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Wells and Septics

In rural areas, many homes do not have connections to municipal water and sewer lines. Homeowners rely upon privately owned or communal (shared) wells as their drinking water source, and individual septic systems to treat and discharge their wastewater. Homeowners must ensure that their well water is safe to drink, and that their well and septic system are properly maintained.

A malfunctioning well or septic system can pose a health risk to your family and neighbours, and can be expensive to repair or replace.

It is therefore important to conduct a detailed inspection of both the well and septic system prior to purchasing a home.This document will describe how wells and septic systems function and how to inspect them.

An old and / or unmaintained septic can be a

health hazard 

to a

person and to a body of water.

Did you Know?


GREY water can be bad for the environment?

Dead fish, dead dogs, sick people.....

Key nutrients in grey water can fuel harmful algal blooms (HABs), which cause mass ecosystem dysfunction by producing toxins, blocking sunlight and clogging fish gills. After the bloom dies, the process of decomposition consumes locally available oxygen, creating marine dead zones.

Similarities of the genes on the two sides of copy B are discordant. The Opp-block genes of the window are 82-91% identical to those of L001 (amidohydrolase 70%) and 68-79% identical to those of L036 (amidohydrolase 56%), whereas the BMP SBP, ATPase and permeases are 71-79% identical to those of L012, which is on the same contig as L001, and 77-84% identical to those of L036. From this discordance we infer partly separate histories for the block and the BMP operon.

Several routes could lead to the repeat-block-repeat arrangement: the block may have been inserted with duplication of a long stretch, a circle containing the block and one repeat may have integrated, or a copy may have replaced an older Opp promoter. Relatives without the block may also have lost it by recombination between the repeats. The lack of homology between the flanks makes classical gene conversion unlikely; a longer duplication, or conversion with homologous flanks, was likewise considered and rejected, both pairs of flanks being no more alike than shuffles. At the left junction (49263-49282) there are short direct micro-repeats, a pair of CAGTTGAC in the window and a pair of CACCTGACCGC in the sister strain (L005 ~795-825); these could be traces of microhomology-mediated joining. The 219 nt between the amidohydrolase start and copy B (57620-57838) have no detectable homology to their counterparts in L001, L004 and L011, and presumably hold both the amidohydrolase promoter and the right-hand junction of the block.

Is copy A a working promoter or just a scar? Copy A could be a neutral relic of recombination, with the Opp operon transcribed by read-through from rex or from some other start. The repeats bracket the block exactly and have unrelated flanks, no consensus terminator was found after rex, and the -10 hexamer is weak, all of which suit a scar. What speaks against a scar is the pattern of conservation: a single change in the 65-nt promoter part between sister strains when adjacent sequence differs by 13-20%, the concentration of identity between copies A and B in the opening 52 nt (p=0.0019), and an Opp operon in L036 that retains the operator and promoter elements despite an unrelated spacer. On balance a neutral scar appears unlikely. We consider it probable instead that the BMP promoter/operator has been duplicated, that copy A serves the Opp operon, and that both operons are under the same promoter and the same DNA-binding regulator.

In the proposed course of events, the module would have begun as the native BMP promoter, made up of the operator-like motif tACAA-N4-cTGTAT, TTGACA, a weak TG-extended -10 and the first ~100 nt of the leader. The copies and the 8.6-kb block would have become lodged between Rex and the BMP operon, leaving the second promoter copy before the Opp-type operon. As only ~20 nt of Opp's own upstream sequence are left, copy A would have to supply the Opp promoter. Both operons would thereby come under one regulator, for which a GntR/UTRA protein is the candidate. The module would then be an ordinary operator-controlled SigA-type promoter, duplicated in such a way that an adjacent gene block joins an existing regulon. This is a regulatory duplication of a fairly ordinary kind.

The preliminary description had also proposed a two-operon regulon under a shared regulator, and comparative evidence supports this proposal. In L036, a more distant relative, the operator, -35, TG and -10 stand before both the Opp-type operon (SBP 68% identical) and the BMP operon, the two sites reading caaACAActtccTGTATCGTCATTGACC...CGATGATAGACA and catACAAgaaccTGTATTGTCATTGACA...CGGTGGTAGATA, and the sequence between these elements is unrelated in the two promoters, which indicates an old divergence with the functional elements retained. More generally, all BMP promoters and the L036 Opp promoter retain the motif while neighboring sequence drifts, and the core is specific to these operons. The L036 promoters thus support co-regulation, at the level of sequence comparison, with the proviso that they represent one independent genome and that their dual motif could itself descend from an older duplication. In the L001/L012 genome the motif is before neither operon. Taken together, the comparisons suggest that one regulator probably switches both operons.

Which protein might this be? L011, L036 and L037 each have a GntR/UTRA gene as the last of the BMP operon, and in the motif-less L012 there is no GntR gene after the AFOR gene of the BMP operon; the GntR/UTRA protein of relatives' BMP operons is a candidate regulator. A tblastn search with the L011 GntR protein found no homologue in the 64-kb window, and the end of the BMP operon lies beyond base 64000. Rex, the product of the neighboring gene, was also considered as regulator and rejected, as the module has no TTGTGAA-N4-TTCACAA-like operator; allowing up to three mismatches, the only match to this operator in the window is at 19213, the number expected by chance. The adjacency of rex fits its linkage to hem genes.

Human exposure to toxic HABs can cause ear, eye, nose, skin and throat irritation, as well as respiratory distress, abdominal pain, diarrhea, liver and kidney damage, vomiting, seizures and paralysis. Wildlife and domestic animals are similarly affected. Notably, exposure to toxic HABs has been linked to instances of dog mortality.


Ensure you have an updated and well maintained septic system, or a system designed to recycle and reuse grey-water.

Your Well

When you are purchasing a home with a private water supply (a well), there are three key items to consider:

  • well system

  • water quantity

  • water quality

Septic Systems

The septic system accepts wastewater from the home (sinks, shower, toilets, dishwasher, washing machine), treats the wastewater and returns the treated effluent to the groundwater. A conventional septic system is comprised of two components: a septic tank and a leaching bed.

Your Well and Septic Systems Reference and Check List

Wells and septic systems should always be checked before buying and or selling a residence and or cottage..  Look at the check list and Ask The Questions. 


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